‘One-time pad’ is a puzzling combination of apparently obvious words. What does it mean? Is it some kind of obsolete, time-based analogue device? Or a note pad? An iPad? A crash pad? Or rather some oblique relation of the one-night stand? ‘One-time pad’ is, in fact, the name given to a type of failsafe encryption invented in the late 1880s and used extensively for intelligence communications during World War ii and, subsequently, by both sides during the Cold War. A secret, random key (or ‘pad’) is used to encrypt a text, resulting in a cipher that can only be decoded by applying the password, which itself has the same length as the original text and may be used only once (hence ‘one-time’). What you end up with is a pair of impenetrable lists of numbers or combinations of letters, grouped in five-unit blocks. The complexity of the task of combining these two cryptic lists to determine the original text is mind-boggling, to say the least.
As the title chosen by Thomas Scheibitz for his comprehensive exhibition of recent paintings, sculptures and works on paper at Frankfurt’s Museum für Moderne Kunst (MMK) – which will travel to the Baltic Centre for Contemporary Art, Gateshead, in July this year – the phrase ‘One-time Pad’ operates in both of the above ways: as a combination of simple words that bears a casual allusion to several things, and as a tight-as-a-nut code to crack an oblique set of characters. The particular character of Scheibitz’s paintings responds well to both of these approaches – approximation (through allusion, vague memories, the recognition of familiar images combined in unfamiliar ways) and the concrete (unlocking a precisely determined composition made up of several recurring figures by applying an equally complex key).
This exhibition of over 200 works by Scheibitz – who was born in 1968 in Radeberg in former East Germany and studied at the Art Academy in Dresden from 1991 to 1996 – gives one of the most comprehensive overviews yet of his highly encrypted practice. Spread out over the whole third floor of MMK’s 1980s Hans Hollein-designed triangular building, his interwoven practice was divided into areas separated strictly according to media. There were rooms of large-scale paintings in his trademark palette of neon yellow, green or orange combined with a preponderance of grey, in which various forms assembled like building blocks coalesce, as if by accident, into urban landscapes, edifices, figures or schematic faces. One room was devoted to framed drawings on A4 paper depicting groups of forms or totemic figures, overpainted images cut from newspapers or magazines, or intricate compositions plotted out in detail to be used as the schemata of a large-scale painting. In the wedge-shaped gallery at the point of MMK’s triangular building, a collection of Scheibitz’s sculptures, each looking like a singular element extracted from the vocabulary of his paintings and expanded into three dimensions, were grouped together into a kind of wordless conversation piece or theatrical tableau. In another space hung a collection of painted works on paper (all standardized at 2.2 × 1.8 m), whose simple compositions and quick execution are in marked contrast to the artist’s paintings on canvas, which are completed over a period of several years.
Most surprising, however, was the room dedicated to the source material that generates the distinct formal vocabulary of Scheibitz’s works. Although this material has been reproduced in his many catalogues and artist’s books, he has never shown it alongside his works before now. Designated an ‘archive’, it consists of many of the things that furnish the artist’s studio as visual reminders or formal curiosities. Along with art works such as a face painted on the skin of a drum from the 1920s, or an allegorical engraving from the 1500s by Giorgio Ghisi, are pin-boards covered with images cut out of magazines or printed from the Internet and snapshots taken by the artist himself; vitrines displaying various plastic components, parts of tools, ceramic ornaments, or hand-made paper models; as well as small sketch books laid open on specific pages. All of this material seems to have been filtered through an eye in search of certain recurrent forms. Persistent tics keep appearing throughout the collection: shapes, curves, repetitions. It is hard to pinpoint just what their appeal is, but together they form an intrinsic, idiosyncratic geometry that undergirds the wide range of media. This is crystallized in a printed-out list of words that could be found pinned to a white column on wheels crowned with several fluorescent tubes. Under the title Lexicon #3 Things, it lists 20 groups of terms such as ‘Balloon/Circle/Head’, ‘Table/Staircase/Gallows’ or ‘T-shirt/Dog/Bird’. This self-constructed lexicon attempts to systematize the repetitive forms that, having been repeatedly chanced upon amongst the ordinary, are then borrowed by Scheibitz to be employed as vital components of his own compositions.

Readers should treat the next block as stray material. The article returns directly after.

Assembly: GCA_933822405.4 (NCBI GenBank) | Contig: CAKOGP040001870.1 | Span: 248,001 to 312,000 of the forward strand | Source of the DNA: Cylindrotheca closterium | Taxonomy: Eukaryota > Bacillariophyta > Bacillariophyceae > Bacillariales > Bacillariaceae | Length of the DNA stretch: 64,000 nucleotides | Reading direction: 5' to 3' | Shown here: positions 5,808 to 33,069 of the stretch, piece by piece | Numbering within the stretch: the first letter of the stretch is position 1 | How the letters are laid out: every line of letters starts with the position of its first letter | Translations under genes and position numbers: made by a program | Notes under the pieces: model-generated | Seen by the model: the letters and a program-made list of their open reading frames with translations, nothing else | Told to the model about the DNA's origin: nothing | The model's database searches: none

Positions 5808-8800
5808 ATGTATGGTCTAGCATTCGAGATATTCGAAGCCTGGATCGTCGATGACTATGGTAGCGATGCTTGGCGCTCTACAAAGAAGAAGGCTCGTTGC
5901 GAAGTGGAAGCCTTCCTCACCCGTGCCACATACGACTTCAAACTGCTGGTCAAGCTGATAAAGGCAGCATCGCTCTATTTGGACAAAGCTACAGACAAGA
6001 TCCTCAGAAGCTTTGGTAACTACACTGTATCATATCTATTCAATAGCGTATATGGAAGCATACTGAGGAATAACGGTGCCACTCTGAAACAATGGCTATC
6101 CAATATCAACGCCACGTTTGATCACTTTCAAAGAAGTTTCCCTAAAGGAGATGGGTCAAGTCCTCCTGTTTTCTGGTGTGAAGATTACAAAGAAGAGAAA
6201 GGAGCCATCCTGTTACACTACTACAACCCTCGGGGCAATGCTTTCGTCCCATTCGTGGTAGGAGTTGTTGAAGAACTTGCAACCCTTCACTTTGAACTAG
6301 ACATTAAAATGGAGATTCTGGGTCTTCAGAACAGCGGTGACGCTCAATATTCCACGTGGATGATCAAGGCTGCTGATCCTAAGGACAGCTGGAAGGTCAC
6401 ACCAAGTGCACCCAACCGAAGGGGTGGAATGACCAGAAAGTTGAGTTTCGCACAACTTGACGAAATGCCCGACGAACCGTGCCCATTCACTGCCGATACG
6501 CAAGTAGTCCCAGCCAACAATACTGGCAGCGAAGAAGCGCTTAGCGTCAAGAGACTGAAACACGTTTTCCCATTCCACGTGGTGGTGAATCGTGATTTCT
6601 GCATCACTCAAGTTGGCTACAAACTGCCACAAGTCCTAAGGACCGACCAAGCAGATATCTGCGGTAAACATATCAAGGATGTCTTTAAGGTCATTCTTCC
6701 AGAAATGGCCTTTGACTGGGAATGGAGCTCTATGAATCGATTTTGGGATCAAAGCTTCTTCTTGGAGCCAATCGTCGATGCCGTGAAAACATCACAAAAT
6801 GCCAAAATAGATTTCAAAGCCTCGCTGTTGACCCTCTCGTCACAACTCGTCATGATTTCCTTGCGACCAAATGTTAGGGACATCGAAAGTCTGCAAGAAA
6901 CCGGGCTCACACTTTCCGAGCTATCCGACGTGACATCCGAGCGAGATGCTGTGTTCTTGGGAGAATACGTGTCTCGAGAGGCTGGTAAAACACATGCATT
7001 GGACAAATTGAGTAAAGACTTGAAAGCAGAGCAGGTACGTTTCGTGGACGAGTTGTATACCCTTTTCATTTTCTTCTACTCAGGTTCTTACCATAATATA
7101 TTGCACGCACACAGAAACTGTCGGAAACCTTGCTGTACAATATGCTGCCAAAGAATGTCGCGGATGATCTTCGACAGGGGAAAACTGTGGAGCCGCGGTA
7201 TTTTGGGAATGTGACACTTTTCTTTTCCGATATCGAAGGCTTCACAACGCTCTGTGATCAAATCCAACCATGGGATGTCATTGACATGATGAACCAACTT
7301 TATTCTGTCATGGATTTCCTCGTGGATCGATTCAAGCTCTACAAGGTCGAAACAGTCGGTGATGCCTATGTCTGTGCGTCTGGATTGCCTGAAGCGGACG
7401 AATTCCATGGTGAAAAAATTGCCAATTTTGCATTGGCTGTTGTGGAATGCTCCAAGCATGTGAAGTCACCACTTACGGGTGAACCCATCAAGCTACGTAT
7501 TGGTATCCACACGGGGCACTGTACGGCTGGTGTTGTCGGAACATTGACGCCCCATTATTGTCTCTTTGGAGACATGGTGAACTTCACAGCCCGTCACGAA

Presented at the MMK, this lexicon and the room of archival material seemed to suggest itself as the key to a singular encryption, to finally make sense of Scheibitz’s complex works. The paintings’ highly determined compositions, in which almost nothing is left to chance, can prove alienating for the viewer who is left little room for manoeuvre within their puzzle-like surfaces. They are so specific in formal vocabulary, tonal palette and scale that looking at them can feel like trying to read someone else’s mind. Perhaps this privileged view into the artist’s personal archive can offer a glimpse into his mind, providing us with the password with which to unpack the work’s accumulated signs? Now we can read this hazy white burst as a ‘Candle/Light/Satellite’ or that perspectival form as a ‘Complex/Building/Tent’. Even armed with this code, however, or provided with the original source for a sculptural form, our comprehension of the finished works remains patchy at best. Scheibitz’s oeuvre is indeed a sort of ‘One-time pad’, fully comprehensible only a single time by a single mind: that of the artist.
It was the curator’s idea to include the archive, Scheibitz tells me when I meet him in his studio a couple of weeks after visiting the exhibition in Frankfurt. He is at pains to point out that, as far as he is concerned, this secondary material is by no means work, but rather just tools or, to translate the descriptive German term Werkzeug literally, the ‘stuff for work’. The curator, MMK director Susanne Gaensheimer, had seen the material in his studio – objects laid out on desks and tables, boxes full of collected images, even the wheeled column with its fluorescent strips was one of three such self-made contraptions used by the artist as mobile lighting – and suggested including it in the exhibition.